“If you invent frequently and are willing to fail, then you never get to that point where you really need to bet the whole company. AWS also started about six or seven years ago. We are planting more seeds right now, and it is too early to talk about them, but we are going to continue to plant seeds. And I can guarantee you that everything we do will not work. And, I am never concerned about that. We are stubborn on vision. We are flexible on details.

"But if you hold back and you say, ‘No, we believe in this vision,’ then you just stay heads down, stay focused and you build out your vision.”

This is the true north for success in the 21st century. Another company that has been successful at scale too has the same exact outlook – that would be our Watchlist Elite winner – salesforce.com.  While they equate themselves more often with Facebook, in thinking and practice they are far more like Amazon than Facebook.  But Amazon.com is the one that sets the standard and is the paradigm.

Not totally convinced yet?  Well, I’m just a small town guy here.  I’m bringing in the heavy hitters from Atlanta on this one to show you why Amazon.com should be the 2014 Watchlist Lifetime Achievement Winner. I’m going to ask my BFAM, key CRM influencer and partner in CRM Playaz, Brent Leary to tell you why Amazon.com deserves this award. He’s writing a book about Amazon called  “The Amazon Effect: How a New Customer Culture is Creating Crazy New Business Opportunities and Killing Companies That Won't Adapt” which is due to be published by Information Today this summer. I think he confirms my choice here.

Take it away, Mr. Leary. 


I’ve been a fan of Amazon.com since 1997, when I took a chance and ordered Adobe Photoshop Classroom in a Book for $30.95…on June 3 of that year.  I know this because I can go into my Amazon account and see my complete order history, which is why I know I’ve spent about $10,000 buying everything from books to movies to music, sneakers and computers, and just about everything else I want.  I’ve bought books in print form and in digital form.  I bought a MacBook Air on a Thursday and had it in my hands that Friday.

But I hadn’t really thought about all this until late 2008 when I was asked about what company most fascinated me. 

At the time I was just coming off of the Barack 2.0 project where I partnered with business development specialist (and fellow University of Delaware alum) David Bullock to track how the Obama campaign was using social and mobile technologies to eventually win the presidency.  So with all time spent on Facebook, Twitter (still have a screen shot of when Obama’s Twitter followership was under 40,000, compared to 41+ Million today), YouTube and other media darlings, it would’ve been pretty logical of me to pick one of them to be fascinated by.

But that day I had just got a package in the mail from Amazon, and for some reason it caused me to think about how much I had bought from the company over the years.  And it was then that I realized that for close to ten years I had continually bought stuff from Amazon, without ever speaking to anybody from the company.  And that, to me, was fascinating – especially from a CRM perspective.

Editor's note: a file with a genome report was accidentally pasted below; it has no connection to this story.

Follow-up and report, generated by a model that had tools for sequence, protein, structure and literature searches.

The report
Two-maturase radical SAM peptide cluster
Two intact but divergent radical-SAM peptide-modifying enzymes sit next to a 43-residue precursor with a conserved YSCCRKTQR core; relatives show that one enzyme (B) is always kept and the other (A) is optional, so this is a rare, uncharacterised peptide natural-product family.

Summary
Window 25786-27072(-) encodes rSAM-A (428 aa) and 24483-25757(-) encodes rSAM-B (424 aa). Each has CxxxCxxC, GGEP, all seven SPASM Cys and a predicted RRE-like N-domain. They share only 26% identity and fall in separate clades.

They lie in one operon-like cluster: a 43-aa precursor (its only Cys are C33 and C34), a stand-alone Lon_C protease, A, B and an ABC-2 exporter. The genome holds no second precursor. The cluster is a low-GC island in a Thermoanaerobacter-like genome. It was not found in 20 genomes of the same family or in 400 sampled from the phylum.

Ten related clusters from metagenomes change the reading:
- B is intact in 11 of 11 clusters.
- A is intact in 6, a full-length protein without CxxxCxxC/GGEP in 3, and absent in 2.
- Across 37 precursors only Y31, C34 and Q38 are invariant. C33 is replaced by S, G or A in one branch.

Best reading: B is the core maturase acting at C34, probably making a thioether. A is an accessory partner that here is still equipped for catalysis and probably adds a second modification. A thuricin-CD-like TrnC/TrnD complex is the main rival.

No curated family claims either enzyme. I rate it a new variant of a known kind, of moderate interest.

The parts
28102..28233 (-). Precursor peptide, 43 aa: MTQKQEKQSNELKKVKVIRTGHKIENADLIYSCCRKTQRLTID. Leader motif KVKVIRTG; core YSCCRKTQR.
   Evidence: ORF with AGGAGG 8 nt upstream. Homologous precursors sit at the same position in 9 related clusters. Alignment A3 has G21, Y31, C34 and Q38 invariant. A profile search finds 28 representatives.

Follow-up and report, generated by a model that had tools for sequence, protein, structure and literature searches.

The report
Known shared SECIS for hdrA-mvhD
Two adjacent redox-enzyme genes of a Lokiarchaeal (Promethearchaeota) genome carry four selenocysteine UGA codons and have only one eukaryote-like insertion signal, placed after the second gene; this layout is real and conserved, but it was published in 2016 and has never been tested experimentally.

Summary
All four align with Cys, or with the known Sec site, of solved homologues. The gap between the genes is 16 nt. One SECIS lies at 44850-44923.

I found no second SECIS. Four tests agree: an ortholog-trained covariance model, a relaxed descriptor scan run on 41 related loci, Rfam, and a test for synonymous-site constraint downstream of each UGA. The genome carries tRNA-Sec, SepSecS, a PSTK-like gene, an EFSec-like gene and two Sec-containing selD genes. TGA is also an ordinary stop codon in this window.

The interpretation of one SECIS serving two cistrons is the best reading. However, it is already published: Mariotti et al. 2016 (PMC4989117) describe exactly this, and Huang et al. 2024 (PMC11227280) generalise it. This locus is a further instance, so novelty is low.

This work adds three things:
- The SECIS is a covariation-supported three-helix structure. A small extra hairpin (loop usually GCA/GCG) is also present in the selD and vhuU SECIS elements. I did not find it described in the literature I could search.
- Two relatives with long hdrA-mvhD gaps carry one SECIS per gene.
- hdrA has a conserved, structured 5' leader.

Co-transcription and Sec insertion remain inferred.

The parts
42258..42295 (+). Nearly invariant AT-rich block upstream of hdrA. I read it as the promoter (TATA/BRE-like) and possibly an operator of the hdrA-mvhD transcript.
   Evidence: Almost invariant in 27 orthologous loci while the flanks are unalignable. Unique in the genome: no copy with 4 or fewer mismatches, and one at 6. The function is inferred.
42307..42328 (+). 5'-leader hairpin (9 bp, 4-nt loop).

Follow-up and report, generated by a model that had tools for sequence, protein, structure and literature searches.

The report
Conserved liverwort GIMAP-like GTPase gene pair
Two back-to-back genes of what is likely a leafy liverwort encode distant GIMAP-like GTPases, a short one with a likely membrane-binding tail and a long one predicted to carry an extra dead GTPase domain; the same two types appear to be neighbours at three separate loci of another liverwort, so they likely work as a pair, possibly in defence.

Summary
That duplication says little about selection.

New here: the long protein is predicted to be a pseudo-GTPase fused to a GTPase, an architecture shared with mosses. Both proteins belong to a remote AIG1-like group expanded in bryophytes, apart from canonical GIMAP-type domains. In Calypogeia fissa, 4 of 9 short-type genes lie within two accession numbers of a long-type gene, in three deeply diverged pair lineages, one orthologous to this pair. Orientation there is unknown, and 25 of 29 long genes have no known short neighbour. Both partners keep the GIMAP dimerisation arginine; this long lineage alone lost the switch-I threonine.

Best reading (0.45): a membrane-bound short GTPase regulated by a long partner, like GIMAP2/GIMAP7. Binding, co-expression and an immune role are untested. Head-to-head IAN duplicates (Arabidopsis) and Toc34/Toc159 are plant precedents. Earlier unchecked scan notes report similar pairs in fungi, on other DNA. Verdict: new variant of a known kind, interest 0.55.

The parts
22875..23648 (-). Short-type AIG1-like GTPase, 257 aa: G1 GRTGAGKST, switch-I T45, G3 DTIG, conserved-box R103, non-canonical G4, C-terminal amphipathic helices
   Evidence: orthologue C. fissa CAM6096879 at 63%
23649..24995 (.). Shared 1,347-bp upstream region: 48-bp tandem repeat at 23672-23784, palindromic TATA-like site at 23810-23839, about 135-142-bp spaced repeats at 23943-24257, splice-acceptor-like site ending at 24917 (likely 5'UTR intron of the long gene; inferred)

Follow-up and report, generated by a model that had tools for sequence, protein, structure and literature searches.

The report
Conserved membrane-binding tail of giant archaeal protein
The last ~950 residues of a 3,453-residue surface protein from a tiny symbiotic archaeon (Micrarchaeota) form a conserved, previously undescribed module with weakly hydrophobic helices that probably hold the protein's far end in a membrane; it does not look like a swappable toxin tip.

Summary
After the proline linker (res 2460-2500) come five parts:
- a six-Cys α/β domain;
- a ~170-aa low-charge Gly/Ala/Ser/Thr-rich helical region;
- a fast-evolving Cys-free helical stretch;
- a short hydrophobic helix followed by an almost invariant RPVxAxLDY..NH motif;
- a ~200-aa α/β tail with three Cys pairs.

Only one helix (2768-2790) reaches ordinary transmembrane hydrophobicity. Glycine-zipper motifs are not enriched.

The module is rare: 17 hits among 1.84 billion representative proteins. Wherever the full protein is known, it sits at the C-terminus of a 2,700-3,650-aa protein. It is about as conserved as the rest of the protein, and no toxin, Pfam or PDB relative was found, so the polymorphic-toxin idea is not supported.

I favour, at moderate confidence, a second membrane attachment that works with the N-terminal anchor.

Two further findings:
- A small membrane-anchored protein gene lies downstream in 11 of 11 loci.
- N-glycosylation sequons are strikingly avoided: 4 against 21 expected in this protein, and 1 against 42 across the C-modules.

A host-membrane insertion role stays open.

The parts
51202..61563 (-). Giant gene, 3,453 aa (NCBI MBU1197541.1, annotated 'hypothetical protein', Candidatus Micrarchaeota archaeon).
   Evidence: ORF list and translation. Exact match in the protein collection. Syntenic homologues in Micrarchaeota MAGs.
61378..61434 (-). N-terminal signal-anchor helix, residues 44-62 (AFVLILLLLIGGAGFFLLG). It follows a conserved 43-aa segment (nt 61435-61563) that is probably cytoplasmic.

Since that moment, Amazon.com has been a company I’ve watched from a variety of perspectives – as a small business guy, a CRM industry guy, a technology writer, a gadget geek, and most importantly as a customer who likes to get the stuff I order as quick and easy as possible.  And back in 2010 when I wrote about four “non-CRM” CRM companies, Amazon was one I thought would have a biggest impact on customer engagement.

Their expertise in order and fulfillment has forced companies (and industries) to deal with growing customer expectations for faster delivery at low prices.

Everybody knows how they’ve changed the way we shop, and read.  They’ve also changed the way businesses are created with Amazon Web Services - allowing businesses of all sizes to focus more on core competencies and customer-centric models, and less on maintaining servers and software. 

Their expertise in order and fulfillment has forced companies (and industries) to deal with growing customer expectations for faster delivery at low prices. 

Amazon Prime is not only a fabulously successful membership program that provides customers with fast delivery, steaming videos, and book sharing, it’s a poster child for subscription businesses.  They keep adding on valuable services, and haven’t changed the price since the program began.  I’m guessing this is a main reason why over 20 million people are Prime members. 

Their continual use of information to remove friction and create better shopping experiences for their customers is legendary, and has raised the bar for expectations for every business website.  Terry Jones, founder of Travelocity and Chairman of Kayak.com, put it like this in a conversation I had with him last year:

"Constantly innovating is so important to keep up with today’s customers. Twenty percent of Americans have a tablet device. We are constantly moving forward, and we expect from every website – what we get from the very, very best website. 'So why isn’t Larry’s Insurance company site as good as Amazon?' We get frustrated when it isn't".